We the People of the United States, in Order to form a more perfect Union, establish Justice, insure domestic Tranquility, provide for the common defence, promote the general Welfare, and secure the Blessings of Liberty to ourselves and our Posterity, do ordain and establish this Constitution for the United States of America.

The Preamble simply explains the purposes of the Constitution, and defines the powers of the new government as originating from the people of the United States, but it is just as important what it DOES NOT say as well. It does not say ‘We the People’ are building a Union for the ‘common good’, nor can one insert ‘for the common good’ or anything else at the end of the each ‘active phrase’ to imply some other unintended meaning. The words should not be taken out of context by themselves–It should be read as written, and understood as such.

When I apply Mr. Santorum’s ideas to the Preamble it becomes misleading, implying that we have a responsibility to sponsor a welfare state or a socialist democracy. In addition, any Creator given, freeborn unalienable rights I may have are a kind of narcissistic self-indulging behavior void of concern for the ‘common good’. His dim view on personal liberty becomes even more clear when you read statements such as this one from a recent NPR interview :

” This whole idea of personal autonomy ? I don?t think that most conservatives hold that point of view. Some do. And they have this idea that people should be left alone to do what they want to do, that government should keep taxes down, keep regulation down, that we shouldn?t get involved in the bedroom, that we shouldn?t be involved in cultural issues, people should do whatever they want. Well, that is not how traditional conservatives view the world. And I think that most conservatives understand that we can?t go it alone, that there is no such society that I?m aware of where we?ve had radical individualism and it has succeeded as a culture.”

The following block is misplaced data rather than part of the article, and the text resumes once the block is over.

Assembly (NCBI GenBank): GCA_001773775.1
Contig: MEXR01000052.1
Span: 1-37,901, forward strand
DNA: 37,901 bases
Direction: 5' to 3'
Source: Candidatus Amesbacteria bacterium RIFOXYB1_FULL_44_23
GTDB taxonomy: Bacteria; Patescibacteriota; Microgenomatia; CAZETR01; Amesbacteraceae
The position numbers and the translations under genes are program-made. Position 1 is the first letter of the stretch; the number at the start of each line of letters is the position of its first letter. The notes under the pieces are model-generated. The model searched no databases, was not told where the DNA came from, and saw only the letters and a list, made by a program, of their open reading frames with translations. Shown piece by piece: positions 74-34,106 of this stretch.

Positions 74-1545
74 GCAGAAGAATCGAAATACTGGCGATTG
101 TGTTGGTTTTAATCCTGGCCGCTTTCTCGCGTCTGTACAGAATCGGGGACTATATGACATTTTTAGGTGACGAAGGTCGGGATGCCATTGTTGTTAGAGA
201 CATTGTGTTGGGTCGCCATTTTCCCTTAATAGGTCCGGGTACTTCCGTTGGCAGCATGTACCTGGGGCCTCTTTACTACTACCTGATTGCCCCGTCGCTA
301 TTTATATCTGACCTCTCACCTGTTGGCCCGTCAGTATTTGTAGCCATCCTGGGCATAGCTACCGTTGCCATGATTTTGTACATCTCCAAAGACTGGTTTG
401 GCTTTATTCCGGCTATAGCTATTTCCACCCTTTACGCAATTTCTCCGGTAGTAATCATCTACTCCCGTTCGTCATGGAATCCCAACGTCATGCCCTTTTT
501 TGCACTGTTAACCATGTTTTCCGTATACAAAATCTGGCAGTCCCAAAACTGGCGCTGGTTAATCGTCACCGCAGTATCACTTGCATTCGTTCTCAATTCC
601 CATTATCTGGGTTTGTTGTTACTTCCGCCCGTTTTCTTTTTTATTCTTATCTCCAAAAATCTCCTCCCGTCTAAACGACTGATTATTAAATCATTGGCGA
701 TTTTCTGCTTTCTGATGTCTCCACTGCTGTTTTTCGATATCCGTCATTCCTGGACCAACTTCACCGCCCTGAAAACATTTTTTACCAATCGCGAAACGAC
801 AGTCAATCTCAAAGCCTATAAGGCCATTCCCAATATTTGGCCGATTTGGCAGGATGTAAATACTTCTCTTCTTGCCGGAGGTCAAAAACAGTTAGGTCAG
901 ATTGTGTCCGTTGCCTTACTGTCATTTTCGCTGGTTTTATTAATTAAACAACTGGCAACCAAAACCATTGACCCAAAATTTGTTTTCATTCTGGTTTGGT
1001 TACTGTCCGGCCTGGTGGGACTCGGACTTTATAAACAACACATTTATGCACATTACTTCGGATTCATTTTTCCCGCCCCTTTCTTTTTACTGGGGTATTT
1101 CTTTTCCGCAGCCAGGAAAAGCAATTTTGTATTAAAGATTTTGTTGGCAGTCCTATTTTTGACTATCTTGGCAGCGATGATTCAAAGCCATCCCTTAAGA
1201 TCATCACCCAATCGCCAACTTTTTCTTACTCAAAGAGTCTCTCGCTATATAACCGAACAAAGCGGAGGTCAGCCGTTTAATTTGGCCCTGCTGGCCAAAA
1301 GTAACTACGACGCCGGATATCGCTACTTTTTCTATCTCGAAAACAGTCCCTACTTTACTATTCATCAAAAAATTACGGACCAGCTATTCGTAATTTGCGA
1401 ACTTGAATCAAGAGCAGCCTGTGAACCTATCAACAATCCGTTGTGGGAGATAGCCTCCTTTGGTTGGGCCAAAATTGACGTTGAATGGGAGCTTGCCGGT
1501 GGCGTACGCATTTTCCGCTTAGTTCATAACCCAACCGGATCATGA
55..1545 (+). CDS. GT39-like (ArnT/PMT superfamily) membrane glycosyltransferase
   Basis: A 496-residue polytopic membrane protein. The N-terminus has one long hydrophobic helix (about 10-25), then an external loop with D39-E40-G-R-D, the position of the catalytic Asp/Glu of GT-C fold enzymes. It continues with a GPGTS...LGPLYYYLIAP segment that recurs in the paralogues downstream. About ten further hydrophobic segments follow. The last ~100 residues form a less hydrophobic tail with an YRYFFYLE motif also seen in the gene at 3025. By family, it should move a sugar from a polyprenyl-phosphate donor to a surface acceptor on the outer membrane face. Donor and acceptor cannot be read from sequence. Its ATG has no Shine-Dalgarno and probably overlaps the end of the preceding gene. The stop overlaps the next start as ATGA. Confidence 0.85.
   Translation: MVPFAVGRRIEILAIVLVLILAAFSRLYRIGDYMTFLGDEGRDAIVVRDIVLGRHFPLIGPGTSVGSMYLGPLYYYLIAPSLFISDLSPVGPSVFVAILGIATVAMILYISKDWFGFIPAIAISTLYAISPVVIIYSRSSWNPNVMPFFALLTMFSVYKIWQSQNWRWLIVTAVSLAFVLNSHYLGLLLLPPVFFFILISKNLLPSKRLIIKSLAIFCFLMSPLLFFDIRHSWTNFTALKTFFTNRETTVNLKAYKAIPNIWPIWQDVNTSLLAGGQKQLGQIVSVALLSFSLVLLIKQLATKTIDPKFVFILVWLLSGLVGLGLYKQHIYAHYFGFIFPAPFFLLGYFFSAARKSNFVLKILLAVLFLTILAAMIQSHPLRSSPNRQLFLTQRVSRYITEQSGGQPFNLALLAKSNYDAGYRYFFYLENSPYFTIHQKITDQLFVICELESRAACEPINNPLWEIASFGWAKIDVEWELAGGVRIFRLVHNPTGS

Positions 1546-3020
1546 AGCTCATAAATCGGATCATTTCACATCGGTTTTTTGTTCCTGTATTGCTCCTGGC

At this point it is obvious that Mr. Santorum hasn’t bothered to take into consideration Article IV of the Bill of rights, nor does he give any creedence to Common Law. In his New World Order, government regulations and taxes should be kept at a maximum for the common good and the government belongs not only in every cultural aspect of your life but EVEN your bedroom! Senator Santorum has decided this because, well frankly none of us can ‘go it alone’. Furthermore he associates ‘autonomy’ with ‘radical individualism’ when in fact the the dictionary definition of ‘autonomy’ is ‘the right or condition of self-government’. Is government for the people by the people truly radical Senator?!!

If Mr. Santorum represents a new movement within the neo-conservative Republican party, our country’s future certainly looks bleak at best. I shudder to think about what may lie ahead for all of us between the descending value of the dollar and people like Mr. Santorum who see personal liberty such as ‘the pursuit of happiness’ and a desire for low taxation and minimum regulation as ‘radical’. ‘We the People’ have inherent autonomy Mr. Santorum, so watch out!

Related Links
http://santorumexposed.com/video/founders.mov
http://santorumexposed.com/serendipity/index.php
http://www.npr.org/templates/story/story.php?storyId=4784905
http://www.leaderu.com/socialsciences/colson-gaymarr-compendium.html
http://www.brainyquote.com/quotes/quotes/r/ricksantor175883.html

Posted in Patriotic Dissent & Redress.